It is difficult not to “feel good” after a record-breaking pre-election budget where goodies big and small, were liberally handed out to practically all segments of society. The question is, beneath the sweeteners, are there substantive reforms proposed in the Budget 2012 to make “transformative” changes to our economy to achieve the goal of becoming a “high-income nation” by 2020.
The answer, when compared side by side with Pakatan Rakyat (PR) Alternative Budget is obvious. There is little in the Barisan Nasional (BN) federal government’s budget that indicates a determination to slaughter sacred cows and take the Malaysian economy to the next level.
Both the PR and BN’s budgets had proposed cash grants to various deserving segments of society in order to help alleviate their increasingly heavy burdens. However, PR matched its welfare benefits with policies to rectify the distortions created by the current government to reduce inflationary pressures and the cost of living over the longer term.
PR has called for the abolition of artificial monopolies licensed by the Government such as Bernas which monopolises the sale and distribution of local and imported rice. In addition, predatory market strategies by Telekom Malaysia to stifle competition will be made illegal while the monopoly of satellite and cable television will be abolished.
On top of that we will dismantle cartels in the telecommunication, media, airline, oil and gas as well as other industries to ensure a genuine competitive market which will benefit the man on the street with lower prices.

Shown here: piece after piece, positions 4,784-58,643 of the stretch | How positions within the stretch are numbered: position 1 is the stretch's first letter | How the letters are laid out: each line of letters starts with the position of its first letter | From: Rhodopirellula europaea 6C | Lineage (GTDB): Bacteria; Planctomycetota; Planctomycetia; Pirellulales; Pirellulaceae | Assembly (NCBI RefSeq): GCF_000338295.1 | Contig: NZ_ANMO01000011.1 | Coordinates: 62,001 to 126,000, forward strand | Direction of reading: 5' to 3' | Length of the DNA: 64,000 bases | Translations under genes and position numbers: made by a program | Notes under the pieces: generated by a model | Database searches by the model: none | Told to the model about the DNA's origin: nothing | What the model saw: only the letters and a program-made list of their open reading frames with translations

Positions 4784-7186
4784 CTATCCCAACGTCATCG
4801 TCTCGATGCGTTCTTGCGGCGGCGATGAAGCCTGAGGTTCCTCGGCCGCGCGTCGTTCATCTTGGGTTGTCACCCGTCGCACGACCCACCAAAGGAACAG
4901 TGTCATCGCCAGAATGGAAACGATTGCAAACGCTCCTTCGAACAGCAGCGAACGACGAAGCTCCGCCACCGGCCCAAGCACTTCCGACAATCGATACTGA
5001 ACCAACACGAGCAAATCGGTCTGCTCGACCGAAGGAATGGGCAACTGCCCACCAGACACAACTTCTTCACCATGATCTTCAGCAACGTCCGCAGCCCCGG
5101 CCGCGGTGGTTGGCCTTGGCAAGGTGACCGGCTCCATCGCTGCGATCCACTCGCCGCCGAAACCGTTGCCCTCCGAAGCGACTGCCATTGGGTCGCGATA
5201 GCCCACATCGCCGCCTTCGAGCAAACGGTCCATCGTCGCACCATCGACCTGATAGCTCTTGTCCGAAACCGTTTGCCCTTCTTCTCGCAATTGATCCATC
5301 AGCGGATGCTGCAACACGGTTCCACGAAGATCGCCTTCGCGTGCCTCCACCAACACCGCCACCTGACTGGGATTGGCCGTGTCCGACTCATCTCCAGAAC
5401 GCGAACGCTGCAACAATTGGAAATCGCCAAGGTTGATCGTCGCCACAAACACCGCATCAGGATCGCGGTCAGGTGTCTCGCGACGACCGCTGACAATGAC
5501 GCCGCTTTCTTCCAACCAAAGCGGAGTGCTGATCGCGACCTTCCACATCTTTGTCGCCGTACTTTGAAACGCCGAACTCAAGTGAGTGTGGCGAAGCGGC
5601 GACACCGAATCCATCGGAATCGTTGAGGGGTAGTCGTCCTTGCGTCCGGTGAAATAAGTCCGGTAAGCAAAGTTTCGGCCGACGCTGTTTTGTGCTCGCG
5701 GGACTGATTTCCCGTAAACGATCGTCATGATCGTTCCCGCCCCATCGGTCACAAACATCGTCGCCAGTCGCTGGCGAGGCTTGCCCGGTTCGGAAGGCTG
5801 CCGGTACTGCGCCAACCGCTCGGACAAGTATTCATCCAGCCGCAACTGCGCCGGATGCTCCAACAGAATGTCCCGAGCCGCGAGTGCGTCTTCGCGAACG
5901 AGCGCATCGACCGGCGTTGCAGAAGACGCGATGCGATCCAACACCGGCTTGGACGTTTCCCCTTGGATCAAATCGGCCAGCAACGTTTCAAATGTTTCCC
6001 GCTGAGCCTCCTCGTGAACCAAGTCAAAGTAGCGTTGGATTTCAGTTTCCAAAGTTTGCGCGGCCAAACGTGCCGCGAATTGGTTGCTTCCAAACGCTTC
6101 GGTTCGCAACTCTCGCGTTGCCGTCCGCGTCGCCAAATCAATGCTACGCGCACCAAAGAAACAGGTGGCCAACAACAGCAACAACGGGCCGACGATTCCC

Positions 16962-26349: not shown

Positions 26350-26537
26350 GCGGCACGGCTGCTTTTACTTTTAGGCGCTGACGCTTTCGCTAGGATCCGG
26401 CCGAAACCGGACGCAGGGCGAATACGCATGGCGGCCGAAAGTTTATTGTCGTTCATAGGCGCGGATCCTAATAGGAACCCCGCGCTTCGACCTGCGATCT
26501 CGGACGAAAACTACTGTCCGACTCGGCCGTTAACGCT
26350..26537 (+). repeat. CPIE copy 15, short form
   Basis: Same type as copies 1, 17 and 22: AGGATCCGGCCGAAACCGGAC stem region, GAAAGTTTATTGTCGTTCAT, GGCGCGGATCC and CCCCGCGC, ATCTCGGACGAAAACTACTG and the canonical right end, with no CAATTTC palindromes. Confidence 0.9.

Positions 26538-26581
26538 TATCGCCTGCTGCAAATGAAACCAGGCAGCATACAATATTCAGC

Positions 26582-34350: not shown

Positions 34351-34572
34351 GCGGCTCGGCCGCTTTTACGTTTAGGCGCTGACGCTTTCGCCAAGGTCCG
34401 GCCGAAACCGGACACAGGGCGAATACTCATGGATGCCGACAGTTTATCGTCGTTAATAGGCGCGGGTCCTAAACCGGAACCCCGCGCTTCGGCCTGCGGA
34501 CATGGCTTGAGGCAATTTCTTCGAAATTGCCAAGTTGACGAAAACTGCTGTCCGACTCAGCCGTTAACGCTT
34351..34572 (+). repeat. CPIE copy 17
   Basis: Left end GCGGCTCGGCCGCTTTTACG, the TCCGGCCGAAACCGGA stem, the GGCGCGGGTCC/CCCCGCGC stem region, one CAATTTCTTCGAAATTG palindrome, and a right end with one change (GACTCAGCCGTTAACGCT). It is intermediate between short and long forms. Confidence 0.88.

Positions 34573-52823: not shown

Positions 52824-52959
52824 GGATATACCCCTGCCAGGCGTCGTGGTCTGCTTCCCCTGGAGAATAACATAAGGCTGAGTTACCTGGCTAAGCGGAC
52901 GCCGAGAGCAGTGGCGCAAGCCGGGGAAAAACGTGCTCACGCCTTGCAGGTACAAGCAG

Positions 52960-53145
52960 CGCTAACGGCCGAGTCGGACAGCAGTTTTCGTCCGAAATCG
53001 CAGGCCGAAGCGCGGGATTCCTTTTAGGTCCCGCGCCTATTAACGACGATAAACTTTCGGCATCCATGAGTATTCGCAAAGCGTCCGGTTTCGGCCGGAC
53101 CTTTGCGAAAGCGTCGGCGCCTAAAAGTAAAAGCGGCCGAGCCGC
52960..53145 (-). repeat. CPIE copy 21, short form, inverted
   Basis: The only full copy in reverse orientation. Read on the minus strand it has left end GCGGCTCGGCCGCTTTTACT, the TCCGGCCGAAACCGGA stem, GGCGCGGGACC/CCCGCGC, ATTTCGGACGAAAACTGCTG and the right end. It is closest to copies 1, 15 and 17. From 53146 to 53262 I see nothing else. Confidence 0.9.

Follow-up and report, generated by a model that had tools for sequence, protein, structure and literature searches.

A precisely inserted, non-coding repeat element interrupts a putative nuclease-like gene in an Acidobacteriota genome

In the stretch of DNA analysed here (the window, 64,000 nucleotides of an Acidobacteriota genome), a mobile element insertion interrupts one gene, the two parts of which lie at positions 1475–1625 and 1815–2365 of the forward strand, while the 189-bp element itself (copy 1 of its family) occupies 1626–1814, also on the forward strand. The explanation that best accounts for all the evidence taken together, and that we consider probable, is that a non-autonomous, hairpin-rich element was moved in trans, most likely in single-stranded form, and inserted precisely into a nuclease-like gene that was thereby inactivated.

What’s more, we have promised drastic changes to the current privatisation policies which are opaque, uncompetitive and clearly benefit the concessionaires at the expense of the Government and the rakyat. The 2-prong strategy demands the renegotiation or expropriation of current concession assets such as independent power producers, highway and water companies, while putting in place an open, transparent and competitive framework to ensure only the parties with the best services at the lowest price will be awarded the relevant contracts in the future.
Under PR for example, all Approved Permits to import cars will be auctioned not only to increase government revenue, but also to ensure only genuine businessmen and not rent-seeking middle-men secure the rights.
PR has also committed to transform our labour market in the interest those who are paid suppressed wages by instituting a minimum wage of RM1,100 per month. This will ensure that all workers will receive a humane subsistence wage. The measure will not only stimulate domestic demand in our economy, it will also increase the attractiveness of hiring local workers as opposed to foreign workers while phasing out low value-added industries.
It is only with these institutional and structural changes, can we be assured of lower cost of living in the middle and longer term. The budget announced by the Prime Minister has instead chosen to prescribe pain-killers which will ease the rakyat’s suffering in the short term, without the medication to cure the actual illness.
In fact when comparing the two budgets, had PR used the more optimistic BN revenue assumptions of RM186.9 billion and our planned expenditure of RM220 billion, the projected deficit of PR’s budget would further decline to 3.8%, significantly lower and healthier than BN’s 4.7%. This proves that PR can provide not just the “pain-killers” with welfare grants and “cure” the economy by removing artificial barriers to lower cost of living; we can do it all by spending less, and incurring lower debts than BN.
The above also shows that with good governance and the necessary political will to reform and restructure our economy, there will be no need for the Government to further tax the rakyat via BN’s proposed Goods and Services Tax (GST). Therein lies the fundamental difference between BN and PR’s budget – the former prescribes a sugar-coated placebo that makes you feel good in the short term only to tax you more later, while the latter seek to ease the pain and cure the illness at the lowest possible cost.